6 Types of Developmental Disorders and their Concerns

Developmental disorders are a group of conditions affecting the development of children. These illnesses make the child physically and mentally challenged. Developmental disorders can hit about one in every six children in the country. Several factors contribute to these conditions. Your child may be born with developmental problems because of pregnancy complications such as uterine rupture, brain bleeding, or preterm labor.

Other times, genetics might play a role in causing such physical or mental delays. Some environmental characteristics also cause developmental disabilities, such as exposure to harsh chemicals and severe pollution. The early symptoms of developmental delays might appear as soon as the child is born or take a few years to show up. Some of the crucial concerns observed in common developmental disorders which might be helpful for parents with a special child:

1. Cerebral Palsy

Cerebral palsy is among the most common developmental disorders affecting around 760,000 children globally. It can interfere with the child’s ability to move, talk, eat, and perform routine tasks. When they grow up, these kids have to depend on a parent, guardian, or caretaker. CP varies in terms of severity.

In some cases, the damage is too much, while some kids learn to manage independently and can find ways to accomplish routine chores. The signs could appear early on when the child cannot walk properly, doesn’t clap, or is unable to talk or crawl.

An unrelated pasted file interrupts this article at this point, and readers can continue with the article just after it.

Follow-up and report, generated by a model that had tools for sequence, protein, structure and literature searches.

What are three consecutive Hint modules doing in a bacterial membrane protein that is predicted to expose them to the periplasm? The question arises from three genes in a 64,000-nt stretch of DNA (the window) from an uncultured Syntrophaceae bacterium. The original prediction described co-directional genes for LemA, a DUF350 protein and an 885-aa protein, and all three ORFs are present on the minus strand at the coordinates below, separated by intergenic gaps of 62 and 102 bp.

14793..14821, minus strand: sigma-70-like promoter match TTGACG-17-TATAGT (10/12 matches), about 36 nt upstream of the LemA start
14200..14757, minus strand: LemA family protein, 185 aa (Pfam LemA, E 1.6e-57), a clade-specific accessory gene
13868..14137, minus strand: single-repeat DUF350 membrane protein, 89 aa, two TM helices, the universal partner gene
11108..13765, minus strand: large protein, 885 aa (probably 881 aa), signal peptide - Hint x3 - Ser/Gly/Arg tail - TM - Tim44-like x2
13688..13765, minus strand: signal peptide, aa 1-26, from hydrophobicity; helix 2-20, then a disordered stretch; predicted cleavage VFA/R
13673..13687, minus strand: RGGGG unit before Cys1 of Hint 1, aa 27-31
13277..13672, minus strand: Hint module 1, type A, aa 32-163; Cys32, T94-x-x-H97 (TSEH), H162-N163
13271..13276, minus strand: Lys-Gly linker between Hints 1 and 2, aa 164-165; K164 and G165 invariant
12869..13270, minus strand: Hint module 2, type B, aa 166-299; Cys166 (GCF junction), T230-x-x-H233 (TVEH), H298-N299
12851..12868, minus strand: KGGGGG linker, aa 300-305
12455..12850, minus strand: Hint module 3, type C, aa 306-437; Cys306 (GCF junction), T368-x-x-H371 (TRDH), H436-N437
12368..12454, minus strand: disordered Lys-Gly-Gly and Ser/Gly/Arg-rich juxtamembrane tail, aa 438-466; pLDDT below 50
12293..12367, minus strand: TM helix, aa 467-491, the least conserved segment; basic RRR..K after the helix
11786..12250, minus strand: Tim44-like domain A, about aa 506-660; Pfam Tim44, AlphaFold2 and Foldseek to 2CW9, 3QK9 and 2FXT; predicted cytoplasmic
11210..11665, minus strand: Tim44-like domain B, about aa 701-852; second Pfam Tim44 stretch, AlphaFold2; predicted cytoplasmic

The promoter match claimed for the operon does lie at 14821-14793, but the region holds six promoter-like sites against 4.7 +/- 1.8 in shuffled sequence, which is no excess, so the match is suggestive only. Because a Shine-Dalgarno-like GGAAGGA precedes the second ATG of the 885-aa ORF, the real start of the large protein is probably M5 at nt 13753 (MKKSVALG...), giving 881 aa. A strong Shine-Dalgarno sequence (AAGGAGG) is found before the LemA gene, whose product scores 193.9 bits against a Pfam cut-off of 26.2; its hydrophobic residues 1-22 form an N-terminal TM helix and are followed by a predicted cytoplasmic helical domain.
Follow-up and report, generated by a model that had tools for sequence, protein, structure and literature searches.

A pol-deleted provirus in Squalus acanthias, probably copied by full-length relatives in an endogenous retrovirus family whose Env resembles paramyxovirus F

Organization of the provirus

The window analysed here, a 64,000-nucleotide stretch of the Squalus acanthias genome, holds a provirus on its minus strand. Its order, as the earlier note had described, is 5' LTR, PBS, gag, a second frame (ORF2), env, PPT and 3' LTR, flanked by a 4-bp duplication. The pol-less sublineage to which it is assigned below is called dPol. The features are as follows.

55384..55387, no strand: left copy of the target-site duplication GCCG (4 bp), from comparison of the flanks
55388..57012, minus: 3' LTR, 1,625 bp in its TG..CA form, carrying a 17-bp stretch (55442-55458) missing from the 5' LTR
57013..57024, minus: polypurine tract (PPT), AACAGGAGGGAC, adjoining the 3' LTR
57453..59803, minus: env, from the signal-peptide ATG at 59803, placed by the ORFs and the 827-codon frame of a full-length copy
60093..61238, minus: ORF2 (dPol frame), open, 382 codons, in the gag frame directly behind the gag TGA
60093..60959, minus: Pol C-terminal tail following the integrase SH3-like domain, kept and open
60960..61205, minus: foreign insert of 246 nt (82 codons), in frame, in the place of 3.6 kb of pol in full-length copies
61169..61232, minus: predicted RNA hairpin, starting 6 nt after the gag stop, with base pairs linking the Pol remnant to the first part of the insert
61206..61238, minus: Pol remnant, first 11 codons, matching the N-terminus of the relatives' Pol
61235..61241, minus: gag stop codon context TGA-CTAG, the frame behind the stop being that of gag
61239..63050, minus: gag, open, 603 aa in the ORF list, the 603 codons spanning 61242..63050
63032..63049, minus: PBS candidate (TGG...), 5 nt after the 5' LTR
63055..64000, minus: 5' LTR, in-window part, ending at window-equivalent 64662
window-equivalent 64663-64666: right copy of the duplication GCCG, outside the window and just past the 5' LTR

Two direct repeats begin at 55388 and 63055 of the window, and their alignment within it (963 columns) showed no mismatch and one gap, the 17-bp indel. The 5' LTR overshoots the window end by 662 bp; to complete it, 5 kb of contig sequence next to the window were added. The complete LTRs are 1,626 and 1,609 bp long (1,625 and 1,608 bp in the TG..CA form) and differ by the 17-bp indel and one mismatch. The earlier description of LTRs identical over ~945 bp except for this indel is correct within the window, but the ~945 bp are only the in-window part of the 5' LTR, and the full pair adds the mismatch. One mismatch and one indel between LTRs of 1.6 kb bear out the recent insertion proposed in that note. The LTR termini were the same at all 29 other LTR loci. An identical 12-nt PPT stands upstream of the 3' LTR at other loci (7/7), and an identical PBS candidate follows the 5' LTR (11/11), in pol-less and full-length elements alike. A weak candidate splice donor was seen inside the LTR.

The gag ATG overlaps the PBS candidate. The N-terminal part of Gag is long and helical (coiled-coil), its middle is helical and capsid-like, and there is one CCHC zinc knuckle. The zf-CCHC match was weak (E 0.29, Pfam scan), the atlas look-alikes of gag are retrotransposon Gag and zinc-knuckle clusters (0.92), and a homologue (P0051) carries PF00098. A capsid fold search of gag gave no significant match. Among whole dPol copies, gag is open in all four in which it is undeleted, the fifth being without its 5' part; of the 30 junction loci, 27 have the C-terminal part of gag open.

The child could have muscle stiffness, lack of balance, or experience involuntary jerks in severe cases. Parents who suspect that their child may have cerebral palsy can consult the Cerebral Palsy Guide to gain detailed information about the disorder and by consulting therapists.

2. Attention-Deficit/Hyperactivity Disorder (ADHD)

ADHD is also a critical developmental disability. Currently, over 5.4 million children have ADHD symptoms throughout the world. A severe developmental delay affects the child’s ability to focus and pay attention to the task at hand.

As a result, they may demonstrate impulsive actions or be hyperactive. The children with ADHD have trouble making friends and may not be social. Such children also lack patience and wish to be the center of attention. They may not want to wait their turn on the playground or while playing games.

These kids talk too much, may have angry outbursts, fidget a lot, and lose things often. Additionally, kids with ADHD struggle with daydreaming, a trait that is mainly ignored or dismissed by parents.

3. Autism

Autism is a widespread developmental disorder. According to the latest reports by the CDC, about 1 in every 44 children had an autism diagnosis in 2018. Children with autism show significant delays in their communication and social skills. Such children often struggle with expected behaviors, and interacting with people can be challenging.

Autistic children lack problem-solving skills, and some might be unable to perform coordinative tasks such as memory, thinking, writing, or reading. Autistic kids prefer to stay alone, avoid making eye contact with the general public, and have difficulty making friends.

Some might repeat their words or actions again and again. A few could have problems adjusting to new changes and may retaliate badly. Autism can enhance the senses, and as a result, such children show strange reactions to intense sounds, smells, and visual triggers.